Review: The Adventures of Short Stubbly Brownbeard

Rating: ★★★½☆
The Adventures of Short Stubbly Brownbeard
by Alan J. Levine

The Adventures of Short Stubbly Brownbeard begins brilliantly odd and piratey, and ends the same. And in the middle – it’s still wonderfully odd, although the piratey elements tend to waver a bit. The reason is simple – while the tale begins in the Caribbean, and smack in the middle of the golden age of piracy, the adventure soon carries us to the far reaches of the galaxy, where cats talk and baseball players (or the galactic equivelant) are worshipped as demigods and duly appointed to public office.

Brownbeard is the cousin of the famous pirate Blackbeard. He sets off from his accounting job to be a pirate of his own, and soon finds himself meeting with gremlins and aliens, and eating all sorts of weird things. Author Alan J. Levine has a strange sense of humor, reveling in the dryly ridiculous, while also enjoying a good pun or two. Sometimes it’s hilarious, sometimes it’s just weird. But it’s always unexpected, and generally quite entertaining. The book is at its best when Blackbeard makes his appearances, while it wavers a bit when Levine indulges his apparent love of unusual word combinations (the “arrival of effluent-of-sweet-rose-and-Chinese-lemon-chicken-and-matzah-ball-soup”, for example.) But mostly, it’s just entertainingly strange. Piracy is mostly a side-issue, frequently tucked behind the more prominent interstellar travels. But this creates a platform form some wonderful wit – Levine’s humor is at its very best when making dry observations about otherwise absurd situations – a character’s sudden concern when attempting to rescue enslaved dogs by feeding them enchanted chocolate chip cookies (after all, Brownbeard points out – doggies are allergic to chocolate) is so wonderfully odd that one can’t help but smile.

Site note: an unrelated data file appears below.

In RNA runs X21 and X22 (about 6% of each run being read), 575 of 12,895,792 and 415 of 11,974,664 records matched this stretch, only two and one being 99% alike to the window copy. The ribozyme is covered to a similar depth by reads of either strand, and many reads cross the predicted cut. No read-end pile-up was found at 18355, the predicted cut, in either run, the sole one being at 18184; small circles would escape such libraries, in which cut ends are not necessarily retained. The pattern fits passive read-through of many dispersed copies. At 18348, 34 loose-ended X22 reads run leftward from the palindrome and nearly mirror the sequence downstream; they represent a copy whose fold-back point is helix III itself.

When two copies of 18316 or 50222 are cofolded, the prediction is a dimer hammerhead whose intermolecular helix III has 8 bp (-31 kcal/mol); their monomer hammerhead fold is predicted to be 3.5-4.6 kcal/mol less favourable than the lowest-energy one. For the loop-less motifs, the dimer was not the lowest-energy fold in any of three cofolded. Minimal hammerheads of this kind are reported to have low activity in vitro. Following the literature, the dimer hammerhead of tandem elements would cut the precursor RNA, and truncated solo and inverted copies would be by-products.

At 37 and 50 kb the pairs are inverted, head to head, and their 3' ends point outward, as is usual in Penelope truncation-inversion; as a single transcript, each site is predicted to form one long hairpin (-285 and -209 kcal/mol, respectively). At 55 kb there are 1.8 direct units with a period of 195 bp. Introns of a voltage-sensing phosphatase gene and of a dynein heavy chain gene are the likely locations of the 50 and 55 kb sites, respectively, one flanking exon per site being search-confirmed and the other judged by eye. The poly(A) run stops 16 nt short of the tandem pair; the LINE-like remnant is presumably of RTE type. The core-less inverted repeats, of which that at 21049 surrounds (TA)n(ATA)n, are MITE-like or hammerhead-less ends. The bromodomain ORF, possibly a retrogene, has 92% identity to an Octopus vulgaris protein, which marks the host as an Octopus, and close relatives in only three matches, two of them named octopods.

The Adventures of Short Stubbly Brownbeard is delighfully deranged, if not always piratey. It would be a fine read for those who find humor in the ludicrous. And while I’m not certain if it was intended specifically for younger audiences, it would likely be particuarly suited for adolescent readers.

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